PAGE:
And this change isn’t just happening on the runway. Several body-positive fashion campaigns went viral in 2016, plus-size model Ashley Graham was on the cover of Sports Illustrated’s Swimsuit Issue, and unretouched stretch marks appeared in several nationwide ads. The message is clear: It’s time for something different, something that feels relatable and authentic.
According to the The Fashion Spot’s Spring 2017 Runway Diversity Report, out of the 2,973 models that walked in the Spring 2017 New York Fashion Week shows, only 16 were considered plus size. And across New York, London, Milan, and Paris, 25 percent of the models were women of color. In addition, there were only 10 transgender models and 13 mature models cast during the whole of Fashion Month—all stats that show there is a need for improvement when it comes to diversity in fashion.
So where do we go from here? Yes, there are more and more designers including models of various sizes on the runway, but there are more aspects of inclusivity that cannot be ignored. “At some point, we just have to integrate. The conversation needs to be less about diversity and more about programming what people think is beautiful—because it’s not necessarily just about curves,” says Denise Bidot, a plus-size model who walked in the Chromat show. “It’s about age; it’s about ethnic backgrounds. There is so much more to cover and so much more to be included in. While I think it’s wonderful how far we’ve come, I think there needs to be more than one seat at the table.”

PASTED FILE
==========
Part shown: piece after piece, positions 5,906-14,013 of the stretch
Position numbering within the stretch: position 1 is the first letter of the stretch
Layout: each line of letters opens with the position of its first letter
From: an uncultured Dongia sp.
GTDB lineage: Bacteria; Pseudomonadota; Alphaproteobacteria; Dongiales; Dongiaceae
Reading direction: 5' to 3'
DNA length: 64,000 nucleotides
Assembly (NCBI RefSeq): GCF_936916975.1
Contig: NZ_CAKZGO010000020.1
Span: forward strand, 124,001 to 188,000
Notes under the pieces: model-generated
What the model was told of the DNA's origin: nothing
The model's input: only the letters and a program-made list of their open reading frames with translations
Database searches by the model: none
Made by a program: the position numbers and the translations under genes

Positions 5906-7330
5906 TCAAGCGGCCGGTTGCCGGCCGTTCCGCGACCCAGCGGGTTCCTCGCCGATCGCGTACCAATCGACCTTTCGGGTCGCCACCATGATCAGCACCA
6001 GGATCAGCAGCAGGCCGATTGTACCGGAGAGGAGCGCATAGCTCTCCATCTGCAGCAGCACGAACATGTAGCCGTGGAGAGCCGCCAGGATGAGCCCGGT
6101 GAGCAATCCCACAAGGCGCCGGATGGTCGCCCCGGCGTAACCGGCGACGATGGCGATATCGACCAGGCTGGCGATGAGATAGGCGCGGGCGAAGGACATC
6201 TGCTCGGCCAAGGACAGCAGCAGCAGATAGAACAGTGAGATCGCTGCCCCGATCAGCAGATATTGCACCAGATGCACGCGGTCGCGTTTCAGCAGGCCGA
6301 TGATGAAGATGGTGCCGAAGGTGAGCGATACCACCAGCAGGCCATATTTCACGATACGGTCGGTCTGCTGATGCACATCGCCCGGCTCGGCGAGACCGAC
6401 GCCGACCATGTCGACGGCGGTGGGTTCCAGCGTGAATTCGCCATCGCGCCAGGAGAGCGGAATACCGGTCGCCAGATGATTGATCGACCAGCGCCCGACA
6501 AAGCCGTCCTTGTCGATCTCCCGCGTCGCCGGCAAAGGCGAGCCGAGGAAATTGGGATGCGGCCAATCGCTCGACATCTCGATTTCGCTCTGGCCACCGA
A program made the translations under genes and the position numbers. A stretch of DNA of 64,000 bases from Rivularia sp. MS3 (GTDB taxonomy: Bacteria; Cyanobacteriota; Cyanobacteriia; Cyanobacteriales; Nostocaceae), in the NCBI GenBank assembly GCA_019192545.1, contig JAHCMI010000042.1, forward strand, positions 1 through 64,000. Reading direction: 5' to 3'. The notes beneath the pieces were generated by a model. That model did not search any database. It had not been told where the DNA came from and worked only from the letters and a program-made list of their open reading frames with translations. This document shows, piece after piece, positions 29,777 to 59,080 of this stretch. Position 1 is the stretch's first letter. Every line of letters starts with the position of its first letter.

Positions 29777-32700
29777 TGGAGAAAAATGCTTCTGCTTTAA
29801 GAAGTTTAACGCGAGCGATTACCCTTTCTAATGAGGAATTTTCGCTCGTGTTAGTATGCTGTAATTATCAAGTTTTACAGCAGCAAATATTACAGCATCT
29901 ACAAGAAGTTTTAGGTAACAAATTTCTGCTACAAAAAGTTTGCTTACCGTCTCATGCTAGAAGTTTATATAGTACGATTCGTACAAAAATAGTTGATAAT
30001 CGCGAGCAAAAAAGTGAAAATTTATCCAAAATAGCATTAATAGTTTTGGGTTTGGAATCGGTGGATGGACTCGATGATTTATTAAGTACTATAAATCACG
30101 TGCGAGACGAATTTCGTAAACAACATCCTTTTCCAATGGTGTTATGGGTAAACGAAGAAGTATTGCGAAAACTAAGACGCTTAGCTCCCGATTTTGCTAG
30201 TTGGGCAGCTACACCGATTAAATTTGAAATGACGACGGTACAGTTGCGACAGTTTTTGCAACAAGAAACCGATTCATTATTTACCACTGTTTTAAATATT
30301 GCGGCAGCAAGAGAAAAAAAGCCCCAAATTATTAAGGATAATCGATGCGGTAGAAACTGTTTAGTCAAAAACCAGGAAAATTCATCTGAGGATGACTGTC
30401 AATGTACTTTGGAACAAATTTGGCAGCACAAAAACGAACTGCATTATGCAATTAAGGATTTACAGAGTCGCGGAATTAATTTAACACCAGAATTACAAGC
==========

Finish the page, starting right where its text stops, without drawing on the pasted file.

For me and others like me, we want to look at a designer’s clothing coming down the runway and know that it will work with our curvy hips because the models we see on the catwalk are similar to what we see in the dressing room mirror. We want to feel empowered and accepted by fashion insiders, no matter our age or skin color. “We all have to wear clothes,” says Hickman. “You should be able to ‘see’ yourself in something across the board. If you want to make the largest profit, you need to sell to everyone—not just one sector.”
This year was a good start, and hopefully Fashion Week runways continue to transform to look like the melting pot that is the world we live in. “I remember growing up when there was a day that you couldn’t look on the runway and see anyone that didn’t look the same—every [model] was pretty much a clone of the other,” says Bidot. “Fast-forward to now and my daughter is going to get to grow up in a world where she never sees herself being an outcast or feeling like she doesn’t fit in. She gets to grow up seeing herself on the runways and on billboards.” If this is the future of fashion, you bet I’ll be backstage cheering everyone on.
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Source Article from http://www.self.com/story/diversity-in-fashion-2016